Rise and Fall

York Street Mill, Belfast, around 1880. The original cotton mill burned down in 1828 and rebuilt as a flax mill.

I’ve been reading up on the industrialization (or not, as the case actually was) of the Irish cotton spinning industry. It really was a sharp rise and fall. It began in the 1780s, in 1811 it employed 2,000 spinners and 30,000 part time local weavers, in 1816 there began a decline, and by 1836 it had largely vanished. Whoosh.

I remember when [linen] was the best occupation in Ireland; now it has gone to nothing. The cotton trade has ruined the linen; formerly everybody wore linen, and now everybody wears cotton.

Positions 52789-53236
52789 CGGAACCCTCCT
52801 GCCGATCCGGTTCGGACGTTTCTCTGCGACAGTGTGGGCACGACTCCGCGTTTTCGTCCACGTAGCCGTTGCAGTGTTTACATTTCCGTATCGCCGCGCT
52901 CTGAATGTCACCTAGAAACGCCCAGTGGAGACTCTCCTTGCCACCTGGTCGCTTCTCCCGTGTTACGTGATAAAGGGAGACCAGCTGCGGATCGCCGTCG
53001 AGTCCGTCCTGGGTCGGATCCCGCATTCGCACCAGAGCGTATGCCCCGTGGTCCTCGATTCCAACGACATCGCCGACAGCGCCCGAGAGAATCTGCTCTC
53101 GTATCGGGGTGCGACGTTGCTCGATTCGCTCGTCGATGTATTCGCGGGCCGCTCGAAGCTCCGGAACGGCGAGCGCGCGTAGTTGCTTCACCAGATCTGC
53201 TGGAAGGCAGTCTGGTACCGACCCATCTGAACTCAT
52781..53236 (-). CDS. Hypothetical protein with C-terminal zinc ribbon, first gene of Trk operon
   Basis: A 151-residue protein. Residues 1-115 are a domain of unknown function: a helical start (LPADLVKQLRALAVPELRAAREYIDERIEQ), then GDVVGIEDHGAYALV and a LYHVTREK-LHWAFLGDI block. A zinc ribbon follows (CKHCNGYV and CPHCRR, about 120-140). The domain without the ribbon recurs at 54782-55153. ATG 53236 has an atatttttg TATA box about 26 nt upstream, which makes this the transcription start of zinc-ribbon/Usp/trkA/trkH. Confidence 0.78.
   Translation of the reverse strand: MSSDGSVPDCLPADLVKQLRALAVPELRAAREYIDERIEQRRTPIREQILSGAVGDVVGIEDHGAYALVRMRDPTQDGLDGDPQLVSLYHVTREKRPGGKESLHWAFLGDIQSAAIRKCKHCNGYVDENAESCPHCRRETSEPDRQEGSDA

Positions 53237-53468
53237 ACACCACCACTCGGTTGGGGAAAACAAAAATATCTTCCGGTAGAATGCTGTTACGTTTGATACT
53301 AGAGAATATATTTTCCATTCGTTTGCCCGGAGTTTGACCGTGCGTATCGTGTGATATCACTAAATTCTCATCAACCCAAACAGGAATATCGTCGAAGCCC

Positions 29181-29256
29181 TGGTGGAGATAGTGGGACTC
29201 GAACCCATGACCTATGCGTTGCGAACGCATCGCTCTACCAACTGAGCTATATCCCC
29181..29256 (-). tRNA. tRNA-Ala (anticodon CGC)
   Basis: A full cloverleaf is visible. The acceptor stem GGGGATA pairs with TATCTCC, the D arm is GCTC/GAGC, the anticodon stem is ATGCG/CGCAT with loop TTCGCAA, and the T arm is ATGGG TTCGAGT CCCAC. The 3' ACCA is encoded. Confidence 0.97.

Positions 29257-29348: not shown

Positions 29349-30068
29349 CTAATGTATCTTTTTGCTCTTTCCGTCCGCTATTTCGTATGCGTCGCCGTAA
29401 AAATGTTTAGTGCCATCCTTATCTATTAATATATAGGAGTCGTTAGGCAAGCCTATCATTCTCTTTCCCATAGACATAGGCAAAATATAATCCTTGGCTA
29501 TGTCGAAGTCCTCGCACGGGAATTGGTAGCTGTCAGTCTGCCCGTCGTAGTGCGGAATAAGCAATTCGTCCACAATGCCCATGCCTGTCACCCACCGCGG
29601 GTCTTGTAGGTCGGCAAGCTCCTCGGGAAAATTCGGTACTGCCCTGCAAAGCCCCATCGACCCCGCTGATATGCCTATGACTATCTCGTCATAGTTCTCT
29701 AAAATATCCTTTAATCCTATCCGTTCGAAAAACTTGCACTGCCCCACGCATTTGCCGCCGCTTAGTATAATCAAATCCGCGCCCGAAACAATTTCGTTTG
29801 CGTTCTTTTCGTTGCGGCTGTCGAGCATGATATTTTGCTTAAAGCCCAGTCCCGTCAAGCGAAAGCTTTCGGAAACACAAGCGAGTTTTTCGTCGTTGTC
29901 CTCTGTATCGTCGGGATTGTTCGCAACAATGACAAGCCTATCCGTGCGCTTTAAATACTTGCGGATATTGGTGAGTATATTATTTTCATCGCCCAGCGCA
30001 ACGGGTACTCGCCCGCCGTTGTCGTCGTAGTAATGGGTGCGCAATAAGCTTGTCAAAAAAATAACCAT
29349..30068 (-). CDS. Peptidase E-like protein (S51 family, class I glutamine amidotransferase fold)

(As told to R. M. Muggeridge, the Assistant Handloom Commissioner around 1840.)

Muggeridge added that

…fabrics so little dissimilar in their nature and their uses, and capable of being so frequently substituted one for the other, must necessarily partake of something like rivalry; but when the cost of the one is reduced to less than one fourth of the other… it needs no philosopher to foretell which would ultimately gain the preference.

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This entry was posted in antrim, belfast, cotton, fibre, flax, ireland, linen, mills, northern ireland, water-power mills. Bookmark the permalink.

4 Responses to Rise and Fall

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